Santa Barbara is the first Navy League Council he has visited, and is the largest nonport city chapter in the world, said Doug Crawford, Navy League national director and Santa Barbara Council vice president.
It’s a nonprofit, nonpartisan, nonpolitical organization that survives on donations, and Santa Barbara’s group has more than 1,000 members supporting all branches of the armed forces. Units adopted by the group include the crews of the USS Ronald Reagan and the USS Stockdale.
Having a strong Navy is essential because of its flexibility, Mabus said. With ships, the military can change missions very quickly — from being stationed to delivering relief, for example — and “don’t have to go home to get our guns. We bring them with us.”
A worldwide presence also is important for relationships, Mabus said. “We can surge people, and we can surge equipment, but we cannot surge trust,” he said.
His to-do list while in office includes some goals people have told him are out of reach. First on the list is addressing the escalating cost of equipment, especially ships — of which there are 285.
“We’re unilaterally disarming ourselves,” he said.
He also wants to be at the forefront of the use of unmanned vehicles and cut dependence on fossil fuels.
Ninety-three percent of the federal government’s energy use comes from the Department of Defense, and if it cuts down, others would follow, Mabus said.
A “great green fleet” would be useful both tactically and economically. Aircraft carriers and submarines already use nuclear energy, but less dependence on volatile nations for fuel and savings in time and money would be a great advantage, he said.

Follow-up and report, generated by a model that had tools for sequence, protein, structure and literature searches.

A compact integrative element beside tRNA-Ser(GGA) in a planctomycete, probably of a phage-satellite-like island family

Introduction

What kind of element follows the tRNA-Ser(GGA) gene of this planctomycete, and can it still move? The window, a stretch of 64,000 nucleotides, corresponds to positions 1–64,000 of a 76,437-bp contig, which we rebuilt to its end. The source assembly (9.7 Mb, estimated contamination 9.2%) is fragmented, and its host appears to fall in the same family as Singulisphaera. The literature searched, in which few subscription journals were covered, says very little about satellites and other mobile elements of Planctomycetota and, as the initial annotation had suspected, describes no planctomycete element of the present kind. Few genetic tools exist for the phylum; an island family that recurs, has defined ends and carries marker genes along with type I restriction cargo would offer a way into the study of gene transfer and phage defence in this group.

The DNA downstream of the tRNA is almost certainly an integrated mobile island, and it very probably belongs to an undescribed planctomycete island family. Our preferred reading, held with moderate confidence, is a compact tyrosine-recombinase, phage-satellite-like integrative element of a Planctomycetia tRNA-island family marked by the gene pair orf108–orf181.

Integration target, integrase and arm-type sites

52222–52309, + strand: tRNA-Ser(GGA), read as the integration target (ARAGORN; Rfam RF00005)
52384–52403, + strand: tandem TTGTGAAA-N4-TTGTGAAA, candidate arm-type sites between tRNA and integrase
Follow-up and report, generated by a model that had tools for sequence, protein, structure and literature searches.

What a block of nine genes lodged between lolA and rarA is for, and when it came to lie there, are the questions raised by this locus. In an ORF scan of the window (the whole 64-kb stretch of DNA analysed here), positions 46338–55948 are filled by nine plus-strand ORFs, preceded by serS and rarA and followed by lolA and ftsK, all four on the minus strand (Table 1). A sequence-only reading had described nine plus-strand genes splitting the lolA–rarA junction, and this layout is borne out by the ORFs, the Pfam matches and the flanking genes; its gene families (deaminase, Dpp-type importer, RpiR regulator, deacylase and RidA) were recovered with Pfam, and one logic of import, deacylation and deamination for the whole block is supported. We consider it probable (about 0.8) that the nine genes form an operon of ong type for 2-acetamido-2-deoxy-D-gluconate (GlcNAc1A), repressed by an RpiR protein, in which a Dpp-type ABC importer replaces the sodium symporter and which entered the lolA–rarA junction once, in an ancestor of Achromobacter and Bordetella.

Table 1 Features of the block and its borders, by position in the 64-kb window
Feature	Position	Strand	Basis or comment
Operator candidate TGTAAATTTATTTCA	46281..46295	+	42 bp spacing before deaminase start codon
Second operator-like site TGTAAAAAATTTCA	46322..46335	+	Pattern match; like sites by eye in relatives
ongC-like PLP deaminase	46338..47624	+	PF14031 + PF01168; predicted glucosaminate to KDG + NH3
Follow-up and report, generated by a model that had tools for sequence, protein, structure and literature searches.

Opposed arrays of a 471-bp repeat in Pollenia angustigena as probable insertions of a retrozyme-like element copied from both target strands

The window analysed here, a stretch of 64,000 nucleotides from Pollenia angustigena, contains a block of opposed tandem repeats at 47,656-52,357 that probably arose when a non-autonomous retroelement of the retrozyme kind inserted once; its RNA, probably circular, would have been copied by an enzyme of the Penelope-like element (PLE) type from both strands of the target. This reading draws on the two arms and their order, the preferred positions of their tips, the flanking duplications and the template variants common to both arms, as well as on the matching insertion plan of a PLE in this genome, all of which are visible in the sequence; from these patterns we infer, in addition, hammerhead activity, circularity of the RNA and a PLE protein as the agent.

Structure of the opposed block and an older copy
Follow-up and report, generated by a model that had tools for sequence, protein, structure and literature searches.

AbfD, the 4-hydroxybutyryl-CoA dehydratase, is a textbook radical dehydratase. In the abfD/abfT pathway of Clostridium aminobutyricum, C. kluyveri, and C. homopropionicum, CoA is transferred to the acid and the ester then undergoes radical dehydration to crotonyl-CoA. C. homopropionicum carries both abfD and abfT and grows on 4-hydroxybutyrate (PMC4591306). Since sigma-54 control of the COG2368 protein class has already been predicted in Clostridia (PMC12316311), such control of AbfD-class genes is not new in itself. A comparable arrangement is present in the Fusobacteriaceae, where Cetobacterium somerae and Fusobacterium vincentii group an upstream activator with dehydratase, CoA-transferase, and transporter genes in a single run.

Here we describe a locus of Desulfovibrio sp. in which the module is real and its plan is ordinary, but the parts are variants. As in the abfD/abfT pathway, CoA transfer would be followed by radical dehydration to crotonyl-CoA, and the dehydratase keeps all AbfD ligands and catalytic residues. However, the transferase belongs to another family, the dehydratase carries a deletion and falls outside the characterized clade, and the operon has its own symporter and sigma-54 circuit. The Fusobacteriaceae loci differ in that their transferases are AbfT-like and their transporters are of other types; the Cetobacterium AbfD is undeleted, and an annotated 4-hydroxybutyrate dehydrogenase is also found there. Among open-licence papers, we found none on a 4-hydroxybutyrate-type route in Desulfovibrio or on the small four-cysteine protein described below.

It costs about $400 to get a gallon of gasoline to Marines on the front lines in Afghanistan, Mabus said. The Navy’s already in possession of the world’s first hybrid warship, the USS Makin Island, which is expected to save a quarter-billion dollars in fuel over its lifetime.
Although his goals are focused on equipment, he spoke admirably of the people who are responsible for the Navy. The men and women in uniform are among the most talented, skilled and professional people he has known, he said.
Having support from civilian groups such as the Navy League is an integral part of the system. “If we’re doing our job, we’re always the away team,” he said. “Organizations like the Navy League let people know why we’re important.”
Mabus was previously the governor of Mississippi and was appointed secretary of the Navy in July by President Barack Obama.
— Noozhawk staff writer Giana Magnoli can be reached at email@example.com.